I did get a digital camera a while ago, so I might be eventually able to post a tutorial on here or something.  I figure the more of us who do it and do it well, maybe the better buttons will be made.  :D  And that would be totally awesome!

fiber arts, garments, needlework, sewing, tatting

Crochet lace?

Today I realized that if I wanted to add lace accents to clothing, I can make the lace using a crochet technique.  It’s been a fairly long time since I did any crochet, but I find it much easier than knitting.  If I wanted to try my hand at it, I do have some laceweight yarn, which I think is alpaca.  I also have fine cotton crochet thread, which would likely be what I’d use if I put lace cuffs on a shirt, for example.

I found one book specializing in crochet lace patterns today, but it focused on bedspreads and tablecloths, which is not really what I want to make.  New Tatting focuses on doilies, which again, is not really what I want to make.  There’s always the option of going back to Ravelry, if they’re still up, and actually that may be a very good option.

I have in mind a shawl pattern with a lot of openwork between denser areas of stitching.  It would probably take me a while, though, given that the yarns are so tiny and the hooks are so tiny.  But! I know I can crochet, and I can read crochet diagrams; whereas tatting is almost totally foreign to me right now.  And I have all the stuff I need to crochet, including some backup manuals.  ;)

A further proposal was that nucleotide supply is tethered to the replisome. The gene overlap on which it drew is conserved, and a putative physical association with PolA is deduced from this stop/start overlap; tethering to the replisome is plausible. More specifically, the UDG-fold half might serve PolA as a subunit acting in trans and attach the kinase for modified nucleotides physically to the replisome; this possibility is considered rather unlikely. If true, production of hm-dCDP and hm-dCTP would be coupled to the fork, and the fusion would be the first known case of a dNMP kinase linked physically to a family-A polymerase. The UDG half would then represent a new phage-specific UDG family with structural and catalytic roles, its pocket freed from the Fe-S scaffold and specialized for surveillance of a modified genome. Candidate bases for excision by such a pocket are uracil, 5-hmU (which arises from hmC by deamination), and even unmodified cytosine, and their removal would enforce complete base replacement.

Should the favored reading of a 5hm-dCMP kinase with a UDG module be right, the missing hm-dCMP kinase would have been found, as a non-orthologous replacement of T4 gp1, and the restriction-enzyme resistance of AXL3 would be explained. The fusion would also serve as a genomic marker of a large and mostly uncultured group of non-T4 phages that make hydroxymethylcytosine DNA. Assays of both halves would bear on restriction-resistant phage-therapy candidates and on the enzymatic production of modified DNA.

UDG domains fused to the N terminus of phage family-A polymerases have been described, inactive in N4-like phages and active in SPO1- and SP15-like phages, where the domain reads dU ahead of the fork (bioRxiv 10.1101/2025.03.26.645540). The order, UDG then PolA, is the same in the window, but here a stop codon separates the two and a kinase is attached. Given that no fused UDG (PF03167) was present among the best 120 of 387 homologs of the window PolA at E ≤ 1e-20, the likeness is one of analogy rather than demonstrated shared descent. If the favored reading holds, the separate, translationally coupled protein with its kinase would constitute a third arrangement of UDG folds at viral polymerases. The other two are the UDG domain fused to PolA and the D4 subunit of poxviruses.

Sounds good?  :)  I’ll add it to my “things I can do” list.

embroidery, fiber arts, garments, needlework, tatting

Beginnings of playing with _Embroidered & Embellished_; plus, tatting?!

I finally broke through the wall and started playing around with muslin and threads, today.  What I found, which was surprising, is that my own handwork differs from the handwork I’ve seen in my main text, for now — Embroidered & Embellished, by Christen Brown.

I picked up this book, as it was advertised to me before the date of its publication, and I’d been waiting on seeing it before I bought it.  It’s a very pretty/inspiring book, and I ended up checking it out of the library and reading it all the way through.  I found out that it seems to be geared towards beginning embroiderers, given the (limited) spectrum of “traditional” stitches which it features, which seem based on linework.  There are also some stitches for more advanced needleworkers, which fall under the chapter on “raised & textured embroidery” — though I wouldn’t have known about the difficulty level, except for reading in other embroidery texts.